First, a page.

On February 20, Kraft Heinz Co. decided to withdraw its $143-billion-dollar buyout bid for Unilever PLC. The decision to drop the bid came only 2 days after the deal was made public, and Kraft attributed the decision to the hostile reaction that the deal unexpectedly generated.
During the weeks preceding the deal, investors largely expected Kraft Heinz to start targeting other food distribution firms for acquisition. The company’s current name and conglomeration was initiated when Berkshire Hathaway (Warren Buffet’s company) and 3G Capital, a Brazilian private equity firm, supported the company’s merger in 2015. This came only after the pair purchased control of Heinz Ketchup Co. in 2013.
In recent years, food processors have struggled to maintain sales against the trend of greater demand for healthier options among younger generations of Americans, so mergers and acquisitions have been commonplace in the market because companies are seeking alternative measures to boost revenues. Furthermore, 3G is particularly notorious for purchasing large companies, slashing the costs of production to maximize their profit, and then looking to further increase revenue by acquiring other companies. The firm previously made headlines when it purchased both Burger King and Tim Hortons to form Restaurant Brands International in December of 2014.
Despite the expectation of a major purchase, investors were surprised by Kraft Heinz’s choice of Unilever. Unlike Kraft, Unilever provides many of its services to developing markets and derives most of its revenues from personal care products, and therefore overlaps little with Kraft’s operations in well-established markets like the US. Because its operations had little overlap, it is unlikely Kraft Heinz could have saved much money by integrating their operations.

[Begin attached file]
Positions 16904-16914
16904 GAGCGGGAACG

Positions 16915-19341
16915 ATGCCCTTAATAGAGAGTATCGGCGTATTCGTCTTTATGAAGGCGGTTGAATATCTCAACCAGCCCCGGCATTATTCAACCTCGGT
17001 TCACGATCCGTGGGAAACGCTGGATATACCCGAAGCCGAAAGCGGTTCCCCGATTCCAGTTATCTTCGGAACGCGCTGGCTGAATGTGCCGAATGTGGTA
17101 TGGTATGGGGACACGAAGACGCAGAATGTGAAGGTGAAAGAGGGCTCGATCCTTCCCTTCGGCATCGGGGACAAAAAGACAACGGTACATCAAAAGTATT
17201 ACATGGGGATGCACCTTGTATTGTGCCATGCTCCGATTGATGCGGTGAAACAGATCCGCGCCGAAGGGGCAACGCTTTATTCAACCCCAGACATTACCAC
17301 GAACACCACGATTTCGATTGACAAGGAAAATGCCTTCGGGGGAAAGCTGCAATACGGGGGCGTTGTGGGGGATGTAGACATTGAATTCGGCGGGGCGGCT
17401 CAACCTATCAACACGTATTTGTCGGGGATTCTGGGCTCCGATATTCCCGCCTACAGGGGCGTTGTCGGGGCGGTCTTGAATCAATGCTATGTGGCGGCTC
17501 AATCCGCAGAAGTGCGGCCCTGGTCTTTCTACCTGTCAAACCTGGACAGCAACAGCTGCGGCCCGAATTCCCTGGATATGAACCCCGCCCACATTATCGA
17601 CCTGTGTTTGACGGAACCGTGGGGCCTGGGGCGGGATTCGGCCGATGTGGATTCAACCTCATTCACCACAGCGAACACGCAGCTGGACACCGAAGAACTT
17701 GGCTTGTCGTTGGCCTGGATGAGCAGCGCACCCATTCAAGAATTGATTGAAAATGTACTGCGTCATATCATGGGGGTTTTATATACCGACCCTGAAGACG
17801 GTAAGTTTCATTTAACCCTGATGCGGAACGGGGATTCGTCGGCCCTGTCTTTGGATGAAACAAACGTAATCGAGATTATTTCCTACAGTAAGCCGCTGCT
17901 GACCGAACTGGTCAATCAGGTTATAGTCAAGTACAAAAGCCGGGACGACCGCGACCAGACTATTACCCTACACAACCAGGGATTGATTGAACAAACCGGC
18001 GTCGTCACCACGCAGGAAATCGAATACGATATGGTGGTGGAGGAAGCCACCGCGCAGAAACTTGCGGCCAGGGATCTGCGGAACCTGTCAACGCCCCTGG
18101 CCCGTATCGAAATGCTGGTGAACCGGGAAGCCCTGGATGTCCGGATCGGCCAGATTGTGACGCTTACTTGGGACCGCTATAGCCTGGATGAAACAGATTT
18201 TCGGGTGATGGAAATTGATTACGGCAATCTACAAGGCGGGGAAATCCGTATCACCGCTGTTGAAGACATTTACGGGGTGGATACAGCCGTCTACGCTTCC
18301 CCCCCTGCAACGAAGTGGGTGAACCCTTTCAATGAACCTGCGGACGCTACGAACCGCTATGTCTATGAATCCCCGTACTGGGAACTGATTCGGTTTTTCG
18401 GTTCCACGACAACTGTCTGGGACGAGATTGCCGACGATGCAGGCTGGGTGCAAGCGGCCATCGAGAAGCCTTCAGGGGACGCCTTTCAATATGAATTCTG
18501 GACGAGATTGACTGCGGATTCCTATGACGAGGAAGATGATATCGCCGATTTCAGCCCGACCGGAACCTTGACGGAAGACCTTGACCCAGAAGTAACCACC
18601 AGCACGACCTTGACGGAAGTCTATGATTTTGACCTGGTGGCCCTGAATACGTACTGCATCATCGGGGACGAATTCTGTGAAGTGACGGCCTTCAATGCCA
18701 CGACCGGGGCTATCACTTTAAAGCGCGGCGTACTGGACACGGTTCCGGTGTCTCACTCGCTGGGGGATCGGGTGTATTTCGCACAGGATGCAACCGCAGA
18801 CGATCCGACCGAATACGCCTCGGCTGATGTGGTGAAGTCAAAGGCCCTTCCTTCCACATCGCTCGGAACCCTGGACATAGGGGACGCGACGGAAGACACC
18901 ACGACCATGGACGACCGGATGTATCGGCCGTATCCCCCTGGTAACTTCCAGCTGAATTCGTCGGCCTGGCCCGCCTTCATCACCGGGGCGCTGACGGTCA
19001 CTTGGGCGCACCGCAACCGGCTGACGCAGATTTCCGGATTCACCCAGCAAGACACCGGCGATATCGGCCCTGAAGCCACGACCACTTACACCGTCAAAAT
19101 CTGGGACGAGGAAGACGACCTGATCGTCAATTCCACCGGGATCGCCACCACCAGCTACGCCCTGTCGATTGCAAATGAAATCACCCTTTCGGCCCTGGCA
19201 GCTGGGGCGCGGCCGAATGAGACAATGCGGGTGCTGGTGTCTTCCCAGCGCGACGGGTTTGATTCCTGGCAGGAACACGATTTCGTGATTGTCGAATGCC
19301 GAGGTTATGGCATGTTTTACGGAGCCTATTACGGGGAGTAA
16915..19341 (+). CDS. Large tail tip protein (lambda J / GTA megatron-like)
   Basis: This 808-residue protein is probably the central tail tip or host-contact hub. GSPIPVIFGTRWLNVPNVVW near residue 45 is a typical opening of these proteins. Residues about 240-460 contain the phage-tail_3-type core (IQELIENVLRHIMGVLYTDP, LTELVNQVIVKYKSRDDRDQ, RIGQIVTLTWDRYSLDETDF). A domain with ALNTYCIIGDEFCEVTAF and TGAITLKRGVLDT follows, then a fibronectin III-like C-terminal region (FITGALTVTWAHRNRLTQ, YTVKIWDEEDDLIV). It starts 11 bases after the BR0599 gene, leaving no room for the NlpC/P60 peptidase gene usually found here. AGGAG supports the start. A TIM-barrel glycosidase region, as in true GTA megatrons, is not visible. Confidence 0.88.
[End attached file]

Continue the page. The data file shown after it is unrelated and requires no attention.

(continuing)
The deal was particularly interesting because Unilever is a Dutch company that maintains headquarters in London. According to Reuters, Buffet and 3G felt confident they could build off of their previous success in purchasing British-based Anheuser Busch last year, but were thrown off by the nation’s hostile reaction to the takeover, which was largely due to the lingering economic uncertainty caused by Brexit. Recently, Prime Minister Theresa May announced plans for the nation to become more proactive against foreign takeovers, and this sentiment eventually led Kraft to withdraw their bid.
While news of the pending deal had sent both stocks surging upward, the news of the deal’s failure reversed many of the gains. According to the Wall Street Journal, analysts believe the attempted takeover will serve as an alarm for Unilever, which lags well behind its competitors in terms of profit margins. Also, investors with 3G are reportedly hungry for another deal, as revenues are beginning to flat line after cost cutting measures from the 2015 merger are wearing off. Analysts appear to agree that these investors’ preferred choice is Mondolez International group, which was formerly a part of Kraft prior to being sold during the merger with Heinz. Mondolez, however, has not issued any statement on the speculation of such a deal, and at this point any interest on Kraft’s behalf remains a rumor.
Kraft’s attempted deal is the third largest takeover bid to ever fail, and it marks a recent trend of ambitious acquisitions failing to be executed. However, analysts note that the market has not treated these failures too harshly, and they expect companies to continue attempts at controversial mergers until the market begins punishing them more severely for their failures.